ftp-upload - batch transfer local files to an FTP server
is used to send local files to an FTP server. It isn't
interactive, it's meant to be used from scripts. It is disciplined about its
exit value and it doesn't output informational messages by default.
There are two kinds of switches. Initial switches have to appear before any
filenames, they affect the session as a whole. Repeatable switches can appear
interspersed with the file names, they affect the transfer of the files which
appear after them on the command line.
These have to be used before any file names listed on the command line.
- Turn debugging on.
- Show the usage message and die.
- Don't complain or set a failure exit code just because the
QUIT command fails. This can be necessary because some servers, in blatant
disregard of RFC 959, close the command channel when you send them an ABOR
- -v, --verbose
- Print informational messages to stdout.
- Show the version number and exit.
These also have to be used before any file names listed on the command line.
They specify the information used to set up the FTP connection.
- --account account
- This specifies the account to be used when logging into the
remote system. This is distinct from the user name used to log in. Few
systems need this. There is no default.
- -h, --host host
- Specify the host to which to connect. There is no default,
you have to specify this switch.
- Force the use of passive (PASV) transfers. Passive
transfers are required with some firewall configurations, but if you have
such you'd do better to configure Net::FTP so that it knows when to use
them (see Net::Config). If you need to use passive transfers with certain
(broken) servers, however, this switch is your best bet. Alternatively,
you can set $FTP_PASSIVE to 1 in the environment (see Net::FTP).
- --password pw
- This gives the password which will be used to login. The
default is your email address.
Note that you should not specify a real (secret) password this way, as on
most systems anybody on the machine can see the arguments you pass to your
commands. Use one of other password-setting switches instead.
- -s, --password-stdin
- This tells ftp-upload to read the password from
standard input. No prompt will be printed, and a single line will be read.
Most people will use this switch to specify the password. Eg,
echo 3x9sjJJh | ftp-upload -sh $host -u $user $file
Using echo this way is safe where the --password switch isn't if the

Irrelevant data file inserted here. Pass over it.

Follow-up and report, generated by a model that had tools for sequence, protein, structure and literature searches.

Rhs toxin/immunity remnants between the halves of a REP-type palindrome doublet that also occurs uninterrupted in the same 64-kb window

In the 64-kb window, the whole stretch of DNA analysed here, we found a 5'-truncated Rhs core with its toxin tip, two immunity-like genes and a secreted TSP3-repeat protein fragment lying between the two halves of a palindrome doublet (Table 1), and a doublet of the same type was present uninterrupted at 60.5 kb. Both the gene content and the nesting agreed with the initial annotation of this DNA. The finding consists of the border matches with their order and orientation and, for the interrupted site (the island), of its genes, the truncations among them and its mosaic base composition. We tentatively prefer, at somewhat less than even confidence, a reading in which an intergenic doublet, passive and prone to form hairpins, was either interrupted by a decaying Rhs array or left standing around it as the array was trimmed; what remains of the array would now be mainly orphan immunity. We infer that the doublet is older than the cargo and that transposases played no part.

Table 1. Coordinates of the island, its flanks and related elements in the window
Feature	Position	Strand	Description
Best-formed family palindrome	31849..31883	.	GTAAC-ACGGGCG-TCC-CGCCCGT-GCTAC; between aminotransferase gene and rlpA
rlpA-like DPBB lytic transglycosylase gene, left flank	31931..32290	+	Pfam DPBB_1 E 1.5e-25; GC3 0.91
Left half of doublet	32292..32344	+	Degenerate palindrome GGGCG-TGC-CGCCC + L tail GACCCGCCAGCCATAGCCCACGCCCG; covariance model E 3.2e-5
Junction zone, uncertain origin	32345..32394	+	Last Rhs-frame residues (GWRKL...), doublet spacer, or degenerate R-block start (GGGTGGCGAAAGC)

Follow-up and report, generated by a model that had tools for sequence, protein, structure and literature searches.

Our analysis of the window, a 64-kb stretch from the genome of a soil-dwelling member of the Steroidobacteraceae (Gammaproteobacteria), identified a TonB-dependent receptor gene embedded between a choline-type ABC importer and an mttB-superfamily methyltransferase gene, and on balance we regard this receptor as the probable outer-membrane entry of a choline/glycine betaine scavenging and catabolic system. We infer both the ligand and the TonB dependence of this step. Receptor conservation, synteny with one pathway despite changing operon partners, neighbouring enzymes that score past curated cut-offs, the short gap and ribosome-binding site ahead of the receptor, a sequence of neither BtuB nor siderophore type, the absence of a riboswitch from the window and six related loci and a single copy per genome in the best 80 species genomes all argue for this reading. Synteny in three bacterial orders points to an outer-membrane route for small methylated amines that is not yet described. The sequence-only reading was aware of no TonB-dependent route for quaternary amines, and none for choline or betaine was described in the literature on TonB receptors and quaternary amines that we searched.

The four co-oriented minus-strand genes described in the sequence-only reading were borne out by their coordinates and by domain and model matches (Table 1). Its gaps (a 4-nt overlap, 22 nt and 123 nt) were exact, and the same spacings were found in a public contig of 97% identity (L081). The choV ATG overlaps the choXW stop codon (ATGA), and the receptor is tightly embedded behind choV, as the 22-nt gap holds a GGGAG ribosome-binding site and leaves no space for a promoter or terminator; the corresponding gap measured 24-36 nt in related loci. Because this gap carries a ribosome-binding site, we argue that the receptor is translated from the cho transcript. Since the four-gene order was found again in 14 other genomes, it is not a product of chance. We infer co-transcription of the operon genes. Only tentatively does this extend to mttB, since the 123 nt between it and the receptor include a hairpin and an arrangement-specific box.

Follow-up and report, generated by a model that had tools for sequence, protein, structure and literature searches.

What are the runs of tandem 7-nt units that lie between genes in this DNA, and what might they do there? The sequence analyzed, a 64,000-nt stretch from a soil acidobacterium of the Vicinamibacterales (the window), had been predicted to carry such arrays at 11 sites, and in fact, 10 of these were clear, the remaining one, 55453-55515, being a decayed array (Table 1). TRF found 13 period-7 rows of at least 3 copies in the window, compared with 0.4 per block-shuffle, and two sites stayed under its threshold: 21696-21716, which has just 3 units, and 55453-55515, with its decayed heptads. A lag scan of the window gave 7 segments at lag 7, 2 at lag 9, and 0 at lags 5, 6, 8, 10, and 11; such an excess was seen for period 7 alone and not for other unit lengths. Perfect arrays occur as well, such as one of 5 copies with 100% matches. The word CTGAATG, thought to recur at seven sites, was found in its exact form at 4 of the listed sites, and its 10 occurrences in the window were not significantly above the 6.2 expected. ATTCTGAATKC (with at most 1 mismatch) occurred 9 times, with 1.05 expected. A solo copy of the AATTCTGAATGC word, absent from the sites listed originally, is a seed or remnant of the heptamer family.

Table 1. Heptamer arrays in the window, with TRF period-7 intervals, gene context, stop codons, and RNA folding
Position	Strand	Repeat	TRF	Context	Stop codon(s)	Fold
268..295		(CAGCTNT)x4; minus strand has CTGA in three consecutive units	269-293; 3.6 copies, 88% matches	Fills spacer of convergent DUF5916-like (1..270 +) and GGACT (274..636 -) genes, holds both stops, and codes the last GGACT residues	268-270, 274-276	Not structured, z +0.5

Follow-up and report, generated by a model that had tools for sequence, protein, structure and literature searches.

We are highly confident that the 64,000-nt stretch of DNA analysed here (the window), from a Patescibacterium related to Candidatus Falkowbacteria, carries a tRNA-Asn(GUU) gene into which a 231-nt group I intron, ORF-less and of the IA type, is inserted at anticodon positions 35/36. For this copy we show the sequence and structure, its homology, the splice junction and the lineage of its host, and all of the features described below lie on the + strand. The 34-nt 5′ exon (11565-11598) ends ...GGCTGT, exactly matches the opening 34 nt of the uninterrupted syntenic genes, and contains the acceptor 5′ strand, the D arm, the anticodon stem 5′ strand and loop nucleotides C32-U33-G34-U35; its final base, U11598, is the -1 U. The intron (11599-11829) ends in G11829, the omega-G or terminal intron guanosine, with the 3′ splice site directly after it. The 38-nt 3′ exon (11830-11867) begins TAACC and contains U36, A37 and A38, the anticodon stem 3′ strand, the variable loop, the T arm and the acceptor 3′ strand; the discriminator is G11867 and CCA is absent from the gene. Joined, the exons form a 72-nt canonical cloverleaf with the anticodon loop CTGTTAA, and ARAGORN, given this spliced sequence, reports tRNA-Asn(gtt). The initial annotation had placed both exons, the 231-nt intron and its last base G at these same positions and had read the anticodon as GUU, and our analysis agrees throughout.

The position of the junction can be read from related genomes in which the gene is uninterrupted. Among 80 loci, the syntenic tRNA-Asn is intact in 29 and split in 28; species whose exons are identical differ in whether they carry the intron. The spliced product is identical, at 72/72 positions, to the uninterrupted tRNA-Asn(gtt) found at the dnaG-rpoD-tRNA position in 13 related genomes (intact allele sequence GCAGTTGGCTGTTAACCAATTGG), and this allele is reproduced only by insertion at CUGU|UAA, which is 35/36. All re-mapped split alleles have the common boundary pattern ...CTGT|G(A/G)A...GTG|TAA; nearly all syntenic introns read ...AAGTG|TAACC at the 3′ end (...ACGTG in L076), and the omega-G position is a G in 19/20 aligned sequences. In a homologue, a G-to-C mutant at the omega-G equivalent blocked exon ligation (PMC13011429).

echo command is built in to the shell.
- --password-fd fd
- This is like --password-stdin except that it reads
the password from the file descriptor numbered fd.
ftp-upload -h $host -u $user --password-fd=3 3<$pw_file $file
- -u, --user user
- Specify the user name to use when logging in. The default
These switches can be used anywhere on the command line (except after the last
file name). They affect the transfer of files listed after them.
- --as remote-name
- Normally a file is transferred using the same name it has
locally. If you use this switch the next file transferred will be called
remote-name on the other host instead.
ftp-upload --host $host --as index.htm index.html
- -a, --ascii
- Perform transfers in ASCII mode.
- -b, --binary
- Perform transfers in binary mode. This is the default.
- -d, --dir dir
- Change directory to dir on the FTP server before
continuing. You can use this multiple times between files,
ftp-upload will chdir once for each time you specify it. Using
".." as the dir will cause an FTP "CDUP" to be
done rather than a "CWD".
- Normally uploaded files go into the current directory on
the remote host, even when the local file name given contains slashes. Eg,
if you say
ftp-upload -h $host /etc/motd
ftp-upload will upload the file as motd, not
/etc/motd. This differs from how the standard ftp program
works, and it also differs with how ftp-upload worked before
If you specify --full-path, you'll get the other behavior. A request
to upload dir/file will tell the server to store dir/file
rather than file.
When you use --as the --full-path setting doesn't matter.
--full-path only tells the program what name to use when it's
choosing the name.
- Disable --full-path. This is the default.
- -l, --ls
- Try to get a remote directory listing of files after
transferring them. I say "try" because there's no guaranteed way
to do this with the FTP protocol. The command I run is "LIST
file". This will generally work if file doesn't contain
any special characters.
- -L, --no-ls
- Disable the --ls behavior.
- Transfer files directly, don't do anything special to try
to ensure that they don't appear under their real names on the remote
machine until the transfer is finished. Each file is transferred with a
single simple "STOR". This is the default.
- Transfer files to the remote machine using a temporary
name, then rename them when the transfer finishes. This won't work if the
remote server doesn't give a recognizable response to the "STOU"
If the server's response to "STOU" isn't recognized by Net::FTP
but is reasonable, Graham Barr might be willing to change Net::FTP to
recognize it. If you like you can send the "--debug" output to
me and I'll coordinate such requests.
- --tmp-dir dir
- Transfer files to dir on the remote host, then
rename them when the transfer is complete. This is safer than
--tmp-samedir because it doesn't use "STOU" and so it
works with more servers.
ftp-upload -h $host --tmp-dir incoming $file
- --tmp-format fmt
- Transfer files to "sprintf(fmt, file base
name)", then rename them when the transfer is complete. Like
--tmp-dir, this is safer than --tmp-samedir because it
doesn't use "STOU" and so it works with more servers.
ftp-upload -h $host --tmp-format tmp.%s $file
Roderick Schertler <email@example.com>